As our children move on to college our collective anxiety – and excitement heightens. How will they do? Will they succeed? And what does success even mean? How will I do without them at home rolling their eyes at me? What will this next phase of life look like for them and for the family left behind?
I believe that this is the time to focus on the simple things in your life. The time your children live at home is precious and brief. So I offer a bit of advice to those parents approaching the last few months of having your young adult child at home:
1. Pick your battles. The other day I overheard a conversation between a mother and daughter in a department store. When I say overheard I mean that they were discussing prom dresses at a level that would make overhearing mandatory for anyone in the fitting room. They were yelling about which color dress the girl should get: light blue or gold. The daughter wanted gold while the mom preferred light blue. Now, of course I don’t know the whole story but I have a feeling that, like many seniors in high school, this girl would be moving on to college or a job next year, away from the family nest.
I wondered why this mom would choose to spend some of this precious time arguing over a dress color? I would tell her what my teenage daughter often tells me: Calm down. Is this really a battle you want to wage? Do you want her to remember the epic war over a color hue? Or do you want her to pick the dress of her dreams and have a lasting memory of you, her mother, looking at her with smiling eyes. You are creating memories and the battles that happen during this time will be the ones she carries with her to adulthood.
So pick your battles, the fewer the better.
2. Make sure they know you love them – unconditionally. I saw a family who came to see me in my therapeutic practice. I’ve changed the details to shield their identities, but this scenario has happened often and the story is always the same.
The parents brought their son to me to ask me to change him back. He has become gay and they wanted to know what I can do to encourage him to become straight again. There must be a therapeutic solution. I then had the difficult conversation that many parents must hear. I told them that their son was most likely never straight and that he actually doesn’t have a psychological problem.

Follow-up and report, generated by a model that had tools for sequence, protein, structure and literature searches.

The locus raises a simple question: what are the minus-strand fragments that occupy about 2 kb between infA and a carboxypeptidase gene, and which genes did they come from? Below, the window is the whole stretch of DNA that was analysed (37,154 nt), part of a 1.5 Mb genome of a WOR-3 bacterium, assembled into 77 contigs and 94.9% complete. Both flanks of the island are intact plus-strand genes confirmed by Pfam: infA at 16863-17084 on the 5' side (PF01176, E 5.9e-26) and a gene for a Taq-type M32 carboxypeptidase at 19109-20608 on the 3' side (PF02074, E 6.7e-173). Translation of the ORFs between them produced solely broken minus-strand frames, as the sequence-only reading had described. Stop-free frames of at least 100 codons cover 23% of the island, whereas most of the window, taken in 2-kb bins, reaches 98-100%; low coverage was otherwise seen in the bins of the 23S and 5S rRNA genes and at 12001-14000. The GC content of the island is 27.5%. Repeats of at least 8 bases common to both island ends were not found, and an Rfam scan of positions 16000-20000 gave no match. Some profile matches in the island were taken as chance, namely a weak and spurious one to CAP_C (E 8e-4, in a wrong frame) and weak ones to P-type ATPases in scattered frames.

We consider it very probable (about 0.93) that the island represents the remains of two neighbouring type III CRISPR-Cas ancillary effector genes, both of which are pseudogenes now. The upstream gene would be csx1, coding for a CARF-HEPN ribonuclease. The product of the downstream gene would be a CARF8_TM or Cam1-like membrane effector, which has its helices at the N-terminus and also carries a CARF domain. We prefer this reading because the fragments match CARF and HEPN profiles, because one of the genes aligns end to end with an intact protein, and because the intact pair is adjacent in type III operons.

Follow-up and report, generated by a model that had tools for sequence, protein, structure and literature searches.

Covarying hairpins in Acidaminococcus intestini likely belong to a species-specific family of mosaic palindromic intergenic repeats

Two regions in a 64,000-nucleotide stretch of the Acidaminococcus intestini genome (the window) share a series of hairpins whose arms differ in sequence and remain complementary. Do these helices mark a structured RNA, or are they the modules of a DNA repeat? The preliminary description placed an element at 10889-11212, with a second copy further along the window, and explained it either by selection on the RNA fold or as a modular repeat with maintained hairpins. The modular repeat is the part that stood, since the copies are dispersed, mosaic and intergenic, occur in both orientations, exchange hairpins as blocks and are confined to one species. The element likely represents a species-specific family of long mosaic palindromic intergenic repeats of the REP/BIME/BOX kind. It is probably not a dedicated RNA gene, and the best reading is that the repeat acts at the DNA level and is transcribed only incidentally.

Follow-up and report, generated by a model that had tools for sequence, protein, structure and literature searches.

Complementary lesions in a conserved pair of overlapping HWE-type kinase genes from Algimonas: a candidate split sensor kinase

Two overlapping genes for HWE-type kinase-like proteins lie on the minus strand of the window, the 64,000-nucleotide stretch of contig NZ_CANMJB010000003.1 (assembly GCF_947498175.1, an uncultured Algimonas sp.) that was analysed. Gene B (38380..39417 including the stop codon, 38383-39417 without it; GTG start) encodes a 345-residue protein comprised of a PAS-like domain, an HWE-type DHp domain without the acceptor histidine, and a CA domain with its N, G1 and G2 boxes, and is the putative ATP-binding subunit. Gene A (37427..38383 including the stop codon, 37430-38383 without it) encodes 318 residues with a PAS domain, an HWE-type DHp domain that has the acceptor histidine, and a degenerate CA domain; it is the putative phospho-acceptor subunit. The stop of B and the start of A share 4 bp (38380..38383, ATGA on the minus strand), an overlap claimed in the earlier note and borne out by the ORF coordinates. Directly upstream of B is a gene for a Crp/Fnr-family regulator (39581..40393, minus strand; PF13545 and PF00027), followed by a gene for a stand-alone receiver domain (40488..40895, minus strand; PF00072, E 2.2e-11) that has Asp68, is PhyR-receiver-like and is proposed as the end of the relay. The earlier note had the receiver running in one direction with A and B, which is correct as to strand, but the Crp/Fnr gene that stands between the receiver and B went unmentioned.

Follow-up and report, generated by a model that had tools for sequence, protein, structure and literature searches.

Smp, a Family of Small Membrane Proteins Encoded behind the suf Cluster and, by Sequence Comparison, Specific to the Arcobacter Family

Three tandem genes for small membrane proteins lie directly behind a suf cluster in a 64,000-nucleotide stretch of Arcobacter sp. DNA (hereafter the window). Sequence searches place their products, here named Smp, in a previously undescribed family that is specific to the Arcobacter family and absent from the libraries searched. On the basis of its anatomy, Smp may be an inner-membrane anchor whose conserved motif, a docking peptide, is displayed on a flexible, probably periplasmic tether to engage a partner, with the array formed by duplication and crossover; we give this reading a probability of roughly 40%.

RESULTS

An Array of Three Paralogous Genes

He didn’t need my services to alter his sexual orientation. They needed to rethink their orientation toward him. Typically at this point the parents are dazed and confused and I make sure that they confirm that their son is still the same person – the same boy they have always cherished and loved. They never came back to see me so I have no way of knowing if they shifted toward acceptance and love. I can only hope they embrace their son exactly as he is.
It’s a leap, I know. But as children leave high school it’s so important that they know you love them. Tattoos, bad driving record, sexual fluidity and all. This is the most vibrant moment in their lives – and the most vulnerable. They’re learning who they are and what they want and you’re no longer there to tell them what that is.
3. Be happy for them. But not so happy that you change their room into a yoga retreat the second you drop them off at the dorm. Let them go and let them come back when they need. You can’t script this transition, it’s theirs. You can be there for them to come home to for homemade dinners, the warmth of their own bed or their beloved dog. Or they might transition easily and rarely come home. You’ve raised them for this moment.
So do settle down and think about what gifts you want to give your child as they prepare for college. And by gifts I don’t mean which car or computer. I mean the lasting gifts of unconditional love, acceptance and joy.
Karen Kozlowski Graham, LCSW, Management Consultant and Psychotherapist, has worked in the fields of interpreting, social work and leadership with Deaf and hard of hearing people for over 30 years. She is one of the founders and was the CEO of SignOn: A Sign Language Interpreter Services in Seattle. She also started and managed a psychiatric rehabilitation program for Deaf people in Chicago. She is published and has presented in the areas of interpreting, mental health, hearing loss, substance abuse and human service program development. She has a BS from Northwestern University in the field of Communicative Disorders and an MSW from the University of Chicago in Social Service Administration. This program won a top award from the American Psychiatric Association for its unique and outstanding curriculum. Karen also won the prestigious Elizabeth Butler award from the University of Chicago for outstanding work in human services. Karen is a former Certified Sign Language Interpreter and is currently a Licensed Clinical Social Worker.